December 29: Tuesday. Damascus . Arrive in Amman. Upon arrival drive to Damascus.
AIA group in bus, Damascus. Ghiath Abdullah welcomes us to Syria.
Courtyard of the Talisman Hotel in Damascus.
Talisman Hotel at night.
Visited the Mar Sarkis monastery, built in the 4th century, on the remains of a pagan temple. It was named after St. Sarkis, a Roman soldier who was executed for his Christian beliefs.
Close by, almost looking like a fortress, is the Convent of Our Lady of Seidnayya. The convent is believed to date back to the 6th century and to be founded by the Byzantine emperor Justinian.
Next stop, after some rigorous step-climbing, was ancient Syrian monastery of St. Moses the Abyssinian (Deir Mar Musa el-Habashi).
According to Arabic inscriptions, the present monastery church was built in 1058 AD. Thus far, three layers of frescoes have been revealed. The first layer is from the middle of the eleventh century AD, the second is from the end of the eleventh century, and the third is from the end of the twelfth or beginning of the thirteenth century.
January 2: Saturday. Palmyra . Stopped at the Palmyra Museum, then lunch across the street. Toured the Temple of Bel, then the ruined city. Dinner and overnight in the Zenobia Cham Hotel.
January 3: Sunday. Deir Ez-Zur. Morning drive through Deir Ez-Zor to reach Dura Europos and Mari. Overnight and fish dinner at the Cham Hotel in Deir Ez-Zor.
January 4: Monday. Raqqa and Aleppo . Toured Deir ez-Zor regional museum, then drove to
Raqqa to visit the local museum and see the ruins of the city walls and palace of Harun al-Rasheed. Lunch in the town near Lake Assad.
January 5: Tuesday. Aleppo. Drove to the 5th century monastery of St. Simeon, then to Ain Dara.
Ate lunch in a small restaurant along the Afrin River near Ain Dara. Dinner at Wanes Restaurant in Aleppo.
Basalt sculpture of a lion at Ain Dara.
January 6: Wednesday. Aleppo . Lunch at Sissi House.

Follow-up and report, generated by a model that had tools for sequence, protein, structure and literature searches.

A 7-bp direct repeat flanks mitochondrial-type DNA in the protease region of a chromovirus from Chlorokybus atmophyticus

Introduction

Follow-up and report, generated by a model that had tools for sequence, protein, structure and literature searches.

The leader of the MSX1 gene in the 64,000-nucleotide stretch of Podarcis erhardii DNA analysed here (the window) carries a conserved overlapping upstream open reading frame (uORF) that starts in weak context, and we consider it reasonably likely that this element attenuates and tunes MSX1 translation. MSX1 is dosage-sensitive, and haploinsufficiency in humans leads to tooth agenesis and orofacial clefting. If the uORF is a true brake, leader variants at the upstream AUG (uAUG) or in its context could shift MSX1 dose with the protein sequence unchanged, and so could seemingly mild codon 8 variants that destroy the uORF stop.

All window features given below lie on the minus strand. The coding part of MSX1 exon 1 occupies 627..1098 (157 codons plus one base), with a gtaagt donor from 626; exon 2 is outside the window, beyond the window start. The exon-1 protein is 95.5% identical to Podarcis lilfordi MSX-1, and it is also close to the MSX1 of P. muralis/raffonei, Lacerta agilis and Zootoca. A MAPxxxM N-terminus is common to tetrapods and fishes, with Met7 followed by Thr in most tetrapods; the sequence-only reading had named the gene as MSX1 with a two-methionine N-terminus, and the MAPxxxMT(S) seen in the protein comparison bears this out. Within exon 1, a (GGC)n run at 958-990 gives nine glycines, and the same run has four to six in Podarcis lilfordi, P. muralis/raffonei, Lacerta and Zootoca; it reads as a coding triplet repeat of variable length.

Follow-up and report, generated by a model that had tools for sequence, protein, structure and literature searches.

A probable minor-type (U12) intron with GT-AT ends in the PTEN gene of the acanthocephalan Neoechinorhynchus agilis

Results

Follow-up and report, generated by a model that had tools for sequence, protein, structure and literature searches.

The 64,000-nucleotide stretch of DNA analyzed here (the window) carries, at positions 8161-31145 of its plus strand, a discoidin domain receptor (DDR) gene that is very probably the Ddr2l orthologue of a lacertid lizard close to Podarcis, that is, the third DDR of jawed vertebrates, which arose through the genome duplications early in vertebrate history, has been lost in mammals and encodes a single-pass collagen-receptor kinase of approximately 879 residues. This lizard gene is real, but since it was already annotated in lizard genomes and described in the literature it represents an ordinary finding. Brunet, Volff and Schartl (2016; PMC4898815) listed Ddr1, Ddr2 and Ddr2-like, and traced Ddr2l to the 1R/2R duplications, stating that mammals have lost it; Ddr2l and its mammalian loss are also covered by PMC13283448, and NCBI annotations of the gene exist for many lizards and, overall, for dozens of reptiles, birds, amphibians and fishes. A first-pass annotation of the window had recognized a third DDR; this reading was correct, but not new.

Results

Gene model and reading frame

January 7: Thursday. Damascus . Return to Damascus today making some interesting stops en route. The first stop will be at Ebla, one of the most important Bronze Age sites discovered, where material slowly emerging from the site is allowing archaeologists a richer understanding of life during this period.
Continue on to Apamea, nestled on the east side of the Orontes Plain, a spectacular site of beautiful stone set against lush pastures and distant mountains. Visit the Turkish caravanserai which has recently been converted and restored as a museum of mosaics collected from the region of Apamea.
AIA group at Apamea.
Roman tombstone from Apamea showing a horseman.
Roman mosaic from Apamea.
Roman mosaic from Apamea.
One of the largest mosaics depicts Socrates and the Sages and the faces are a superb example of late Roman mosaic work.
Brief visit to Hama watching the enormous wooden water wheels which creak with the flow of the Orontes.
Lunch overlooking the Krak des Chevaliers, a supreme example of Crusader castle building. The castle is sited in the only significant break in the mountain range between Turkey and Lebanon. Anyone who held this gap was virtually assured of authority over inland Syria by controlling the flow of goods and people from the ports to the interior. The Crusaders built and expanded the fort over a period of about 100 years from around 1150. When it was completed it could house a garrison of 4,000 soldiers.
Krak des Chevaliers.
Arrive in Damascus late afternoon and transfer to the Talisman/Four Seasons Hotel. Dinner at the Nan-Nudjz Restaurant near the Roman Arch in Damascus.
January 8: Friday. Amman. En route to Amman today stop at Bosra, the most important site of the Roman period in Syria primarily because of the magnificent and exceptionally intact Roman theater. This classical theater is more authentically preserved than virtually any other theater in the Mediterranean.
It is, without doubt, quite wonderful.
Roman theater at Bosra.
Lunch in Jerash at the Lebanese Restaurant. In its heyday it is estimated that Jerash had a population of around 15,000 people and, although it was not on any of the main trade routes, its citizens prospered from the rich soil which surrounds it.